Episode 5: Mutiny (Tuesday, November 12, 1996)
This episode explores the may ways that people in different roles tried to adjust to war or challenge authority. Examples from war literature capture the conditions and feelings of men at the front. The writings of soldiers and ordinary civilians dramatize the psychological effects of the war and offer powerful examples of what mechanized warfare can do to human beings. Students learn how shell-shocked men returning from the front lines are treated with a new technique, psychotherapy, and how grieving wives and parents turned to supernatural “visits” from their dead husbands and sons. Firsthand accounts of mutinous soldiers on the Western front and striking workers in the munitions factories help students better understand the events leading up to the Bolshevik revolution in Russia in 1917.
Episode 6: Collapse (Tuesday, November 12, 1996)
Use this episode to set the stage for student understandings of the long-term effects of World War I on world and U.S. history. Through autobiographical accounts and footage from Germany, students learn about mass mutinies, strikes and other events that caused the collapse of the war effort, which enabled German leaders after the war to claim that its army had not been defeated on the battlefield. Explain how German actions provoked the U.S. into the war, delivering a psychological boost to the Allied cause. And show students how the end of the war opened an opportunity for President Woodrow Wilson to propose a new world order based on the principles of democracy.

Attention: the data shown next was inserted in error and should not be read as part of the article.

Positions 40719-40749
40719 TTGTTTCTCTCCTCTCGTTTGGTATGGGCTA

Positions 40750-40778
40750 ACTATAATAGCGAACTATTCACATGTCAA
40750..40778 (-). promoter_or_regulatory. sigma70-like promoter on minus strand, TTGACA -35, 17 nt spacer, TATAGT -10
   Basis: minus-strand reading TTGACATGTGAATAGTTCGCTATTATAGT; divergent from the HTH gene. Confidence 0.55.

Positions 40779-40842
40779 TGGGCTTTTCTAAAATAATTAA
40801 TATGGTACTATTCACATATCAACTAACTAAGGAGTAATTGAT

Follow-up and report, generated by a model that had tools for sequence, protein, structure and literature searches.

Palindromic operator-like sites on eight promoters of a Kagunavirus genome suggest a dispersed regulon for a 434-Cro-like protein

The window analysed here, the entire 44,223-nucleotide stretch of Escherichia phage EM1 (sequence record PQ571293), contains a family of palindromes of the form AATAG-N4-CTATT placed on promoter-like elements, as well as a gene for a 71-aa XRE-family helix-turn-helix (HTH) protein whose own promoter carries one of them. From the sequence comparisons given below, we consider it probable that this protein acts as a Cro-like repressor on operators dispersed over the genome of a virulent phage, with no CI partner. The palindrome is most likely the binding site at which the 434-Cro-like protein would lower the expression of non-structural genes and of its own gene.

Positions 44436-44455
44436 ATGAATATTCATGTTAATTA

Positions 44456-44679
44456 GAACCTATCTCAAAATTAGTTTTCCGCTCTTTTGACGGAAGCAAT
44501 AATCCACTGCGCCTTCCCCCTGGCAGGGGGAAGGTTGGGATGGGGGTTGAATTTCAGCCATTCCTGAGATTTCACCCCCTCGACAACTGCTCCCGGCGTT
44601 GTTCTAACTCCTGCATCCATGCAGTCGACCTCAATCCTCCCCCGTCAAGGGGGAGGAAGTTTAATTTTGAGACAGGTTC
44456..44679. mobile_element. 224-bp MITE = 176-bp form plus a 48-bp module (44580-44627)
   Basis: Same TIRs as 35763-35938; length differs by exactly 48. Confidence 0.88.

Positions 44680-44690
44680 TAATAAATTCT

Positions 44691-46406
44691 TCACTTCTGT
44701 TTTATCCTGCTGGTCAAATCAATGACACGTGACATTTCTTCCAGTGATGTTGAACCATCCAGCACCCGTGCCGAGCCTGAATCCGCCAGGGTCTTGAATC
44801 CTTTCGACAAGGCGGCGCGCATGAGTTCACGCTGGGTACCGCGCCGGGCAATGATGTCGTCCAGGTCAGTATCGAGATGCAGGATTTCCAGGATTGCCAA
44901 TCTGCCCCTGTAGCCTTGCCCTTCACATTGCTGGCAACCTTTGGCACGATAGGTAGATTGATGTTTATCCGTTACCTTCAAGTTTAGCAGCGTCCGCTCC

Episode 7: Hatred and Hunger (Wednesday, November 13, 1996)
Focusing on the months preceding and just after the cease fire, this episode explains how the brutality of trench warfare was brought home to city streets in the forms of political assassinations, revenge, starvation and anarchy. Students learn how the war changed the world and why positive change was so difficult to attain. Firsthand accounts express the painful bitterness of German reparation and explain how the death of the Tsar affected the Russian people. Students explore many events and conditions that foreshadowed the post-war world, including the emergence of the Dada Movement, the efforts of Herbert Hoover to bring relief to millions, the confrontations between Bolsheviks and Allied forces in Russia and the prolonged blockade of Germany. Archival footage and first-person accounts describe how world leaders in Paris partitioned nations and unknowingly set the stage for conflicts to come.
Episode 8: War Without End (Wednesday, November 13, 1996)
This final episode explores the aftermath of war and the failed peace, including the painful efforts to deal with the losses suffered during the war and the climate in Germany that launched the political career of Adolph Hitler. Students explore writings and artwork from the “Lost Generation” and learn about cultural movements that focused on grieving, loss and spiritualism. Production Notes “The Great War and the Shaping of the 20th Century” won two Primetime Emmy Awards in 1997 – for Outstanding Informational Series and Outstanding Voice-Over Performance for Jeremy Irons’ voice work for Siegfried Sassoon.